The Russian Imperial House today consists of two people: Maria herself and her son George, and she considers all the other descendants of the Romanovs to be born in morganatic marriages.

PHOTO: Grand Duchess Maria Vladimirovna and her son Grand Duke
George Mikhailovich pose in front of a portrait of Emperor Nicholas II

Up until recently the 39-year-old Grand Duke George Mikhailovich was still not married and despaired of finding himself a blue-blooded Orthodox princess who would meet the requirements of the law on succession to the throne. To appear in public with his mistresses for the future “Head of the Russian Imperial House” was not comme il faut, so in order to correct this matter, Maria and her son sought the help of Patriarch Kirill.

Of course, Maria Vladimirovna wanted to remove the oath by holding a public event with the participation of the patriarch, and not as a result of some dubious behind-the-scenes negotiations. According to one source: “the Patriarchy, to put it mildly, are not delighted with the idea and are waiting for the Grand Duchess to propose an alternative plan, something which would not jeopardize the reputational risks from Kirill’s participation”.

George Mikhailovich was already is in a relationship with Ms. Bettarini at the time his mother made the request. While her timing was perfect, her request was also somewhat hypocritical. Following the 1917 Revolution, numerous Princes and Princesses of the Russian Imperial House living in exile, were ostracized from the Russian Imperial House, due to the fact that they had entered into morganatic marriages.

The descendants – many of whom make up the Romanov Family Association today – have been treated in the most appalling manner by the Vladimirovichi branch of the dynasty.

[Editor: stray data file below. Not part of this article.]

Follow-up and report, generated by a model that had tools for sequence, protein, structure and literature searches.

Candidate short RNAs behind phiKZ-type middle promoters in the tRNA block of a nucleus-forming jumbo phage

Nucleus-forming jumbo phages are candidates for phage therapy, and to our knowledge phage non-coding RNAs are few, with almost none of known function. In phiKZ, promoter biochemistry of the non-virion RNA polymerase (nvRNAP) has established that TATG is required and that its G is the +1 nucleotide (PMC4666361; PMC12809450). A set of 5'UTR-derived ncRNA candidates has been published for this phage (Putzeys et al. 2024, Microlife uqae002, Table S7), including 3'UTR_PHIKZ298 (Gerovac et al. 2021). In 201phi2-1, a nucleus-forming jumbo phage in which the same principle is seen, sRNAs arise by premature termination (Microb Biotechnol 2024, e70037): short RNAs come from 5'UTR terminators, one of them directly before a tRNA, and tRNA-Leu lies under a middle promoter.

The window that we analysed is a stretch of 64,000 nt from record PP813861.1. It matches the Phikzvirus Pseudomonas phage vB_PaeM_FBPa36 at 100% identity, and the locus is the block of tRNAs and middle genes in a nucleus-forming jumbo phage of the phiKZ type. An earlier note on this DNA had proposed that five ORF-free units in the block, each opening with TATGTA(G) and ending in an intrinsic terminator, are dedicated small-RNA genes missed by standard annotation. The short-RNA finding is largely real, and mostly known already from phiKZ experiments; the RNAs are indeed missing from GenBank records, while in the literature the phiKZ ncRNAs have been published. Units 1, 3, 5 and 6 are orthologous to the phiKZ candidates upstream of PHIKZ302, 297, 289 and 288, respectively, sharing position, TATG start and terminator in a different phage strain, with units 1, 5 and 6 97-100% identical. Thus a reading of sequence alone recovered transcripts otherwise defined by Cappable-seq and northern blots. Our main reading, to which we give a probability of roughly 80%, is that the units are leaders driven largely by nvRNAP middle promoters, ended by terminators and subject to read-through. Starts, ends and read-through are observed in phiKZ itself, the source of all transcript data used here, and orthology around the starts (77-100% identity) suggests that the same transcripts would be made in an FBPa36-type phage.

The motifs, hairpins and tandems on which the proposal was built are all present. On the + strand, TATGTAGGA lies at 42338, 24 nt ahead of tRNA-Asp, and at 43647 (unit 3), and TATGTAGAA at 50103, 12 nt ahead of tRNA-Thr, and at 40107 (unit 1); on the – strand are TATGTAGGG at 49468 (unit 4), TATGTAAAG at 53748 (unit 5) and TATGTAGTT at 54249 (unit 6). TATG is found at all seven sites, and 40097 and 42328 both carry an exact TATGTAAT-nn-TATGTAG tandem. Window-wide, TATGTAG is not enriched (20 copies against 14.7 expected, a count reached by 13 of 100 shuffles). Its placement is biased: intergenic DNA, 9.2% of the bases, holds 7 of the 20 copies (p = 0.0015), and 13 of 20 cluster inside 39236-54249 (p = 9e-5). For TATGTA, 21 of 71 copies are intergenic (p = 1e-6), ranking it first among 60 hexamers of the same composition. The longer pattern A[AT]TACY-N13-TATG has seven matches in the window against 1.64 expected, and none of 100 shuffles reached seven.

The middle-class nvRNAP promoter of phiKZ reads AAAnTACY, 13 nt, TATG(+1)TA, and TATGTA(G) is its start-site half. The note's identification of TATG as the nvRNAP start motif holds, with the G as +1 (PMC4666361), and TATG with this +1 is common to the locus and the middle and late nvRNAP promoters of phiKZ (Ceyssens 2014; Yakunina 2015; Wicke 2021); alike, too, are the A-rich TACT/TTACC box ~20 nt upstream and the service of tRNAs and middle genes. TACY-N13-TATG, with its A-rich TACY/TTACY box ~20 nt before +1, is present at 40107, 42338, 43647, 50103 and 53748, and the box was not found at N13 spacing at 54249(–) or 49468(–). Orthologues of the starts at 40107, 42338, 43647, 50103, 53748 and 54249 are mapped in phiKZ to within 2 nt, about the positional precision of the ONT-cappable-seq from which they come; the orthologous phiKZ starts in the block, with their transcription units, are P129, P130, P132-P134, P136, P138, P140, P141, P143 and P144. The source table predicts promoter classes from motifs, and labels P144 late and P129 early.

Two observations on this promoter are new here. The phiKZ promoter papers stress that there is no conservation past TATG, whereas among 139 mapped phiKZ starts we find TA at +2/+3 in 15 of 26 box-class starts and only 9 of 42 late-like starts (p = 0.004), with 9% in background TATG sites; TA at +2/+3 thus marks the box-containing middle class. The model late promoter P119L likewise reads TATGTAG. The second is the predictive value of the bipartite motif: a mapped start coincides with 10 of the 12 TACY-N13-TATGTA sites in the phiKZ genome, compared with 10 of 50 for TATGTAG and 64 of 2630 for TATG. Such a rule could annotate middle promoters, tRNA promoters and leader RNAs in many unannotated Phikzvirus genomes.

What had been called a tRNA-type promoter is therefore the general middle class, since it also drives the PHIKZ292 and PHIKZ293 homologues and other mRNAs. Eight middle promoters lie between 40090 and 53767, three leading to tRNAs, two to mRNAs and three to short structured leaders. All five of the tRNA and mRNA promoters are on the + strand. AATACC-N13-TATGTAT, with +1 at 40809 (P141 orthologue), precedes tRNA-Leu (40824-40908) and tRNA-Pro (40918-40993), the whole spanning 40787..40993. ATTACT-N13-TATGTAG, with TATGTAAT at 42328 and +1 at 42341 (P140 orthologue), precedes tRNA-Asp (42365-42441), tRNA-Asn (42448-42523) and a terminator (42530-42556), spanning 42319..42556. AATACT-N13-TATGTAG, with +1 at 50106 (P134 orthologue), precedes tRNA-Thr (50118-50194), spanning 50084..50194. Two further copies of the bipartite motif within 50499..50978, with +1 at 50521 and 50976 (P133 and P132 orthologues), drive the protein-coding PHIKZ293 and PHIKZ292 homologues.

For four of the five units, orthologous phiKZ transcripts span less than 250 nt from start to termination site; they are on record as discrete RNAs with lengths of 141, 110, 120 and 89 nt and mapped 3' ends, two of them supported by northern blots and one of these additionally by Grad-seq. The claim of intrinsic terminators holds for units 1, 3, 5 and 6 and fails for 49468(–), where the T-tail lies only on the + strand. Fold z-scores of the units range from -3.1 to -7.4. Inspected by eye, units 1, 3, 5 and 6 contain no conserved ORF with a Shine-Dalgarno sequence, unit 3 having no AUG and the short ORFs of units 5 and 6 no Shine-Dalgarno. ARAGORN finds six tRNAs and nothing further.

For example, according to the late Robert K. Massie, “Following the discovery of the remains of Emperor Nicholas II and most of his immediate family in 1991, Maria Vladimirovna wrote to President Boris Yeltsin regarding the burial of the remains, saying of her Romanov cousins, that they “do not have the slightest right to speak their mind and wishes on this question. They can only go and pray at the grave, as can any other Russian, who so wishes”.

At the behest of the Russian Orthodox Church, Maria did not recognise the authenticity of the remains and declined to attend the reburial ceremony in 1998.

Massie further notes that she also said, regarding some of her Romanov cousins, that “My feeling about them is that now that something important is happening in Russia, they suddenly have awakened and said, ‘Ah ha! There might be something to gain out of this.”

Now, the Grand Duchess has seen it fit to “permit” a morganatic marriage, simply to suit the dynastic position of her family. One source claims that George’s “wife will be a Serene Princess, not a Grand Duchess, and their children will have no dynastic status”. There is no question that once a child is born, that Maria will make yet another change to the laws, simply to ensure that her descendants are at the head of the line – should the monarchy ever be restored in Russia!

The announcement of the marriage of Grand Duke George Mikhailovich with Rebecca Bettarini made media headlines in Russia, as well as Great Britain, France and Italy, among other countries, and generated much attention on social media.

The Director of the Chancellery of the Russian Imperial House Alexander Zakatov enthusiastically reported to journalists about the upcoming marriage, noting: “… This will be the first marriage of a member of the House of Romanov in his homeland after the revolution of 1917”.

Zakatov’s comment, however, is incorrect . . .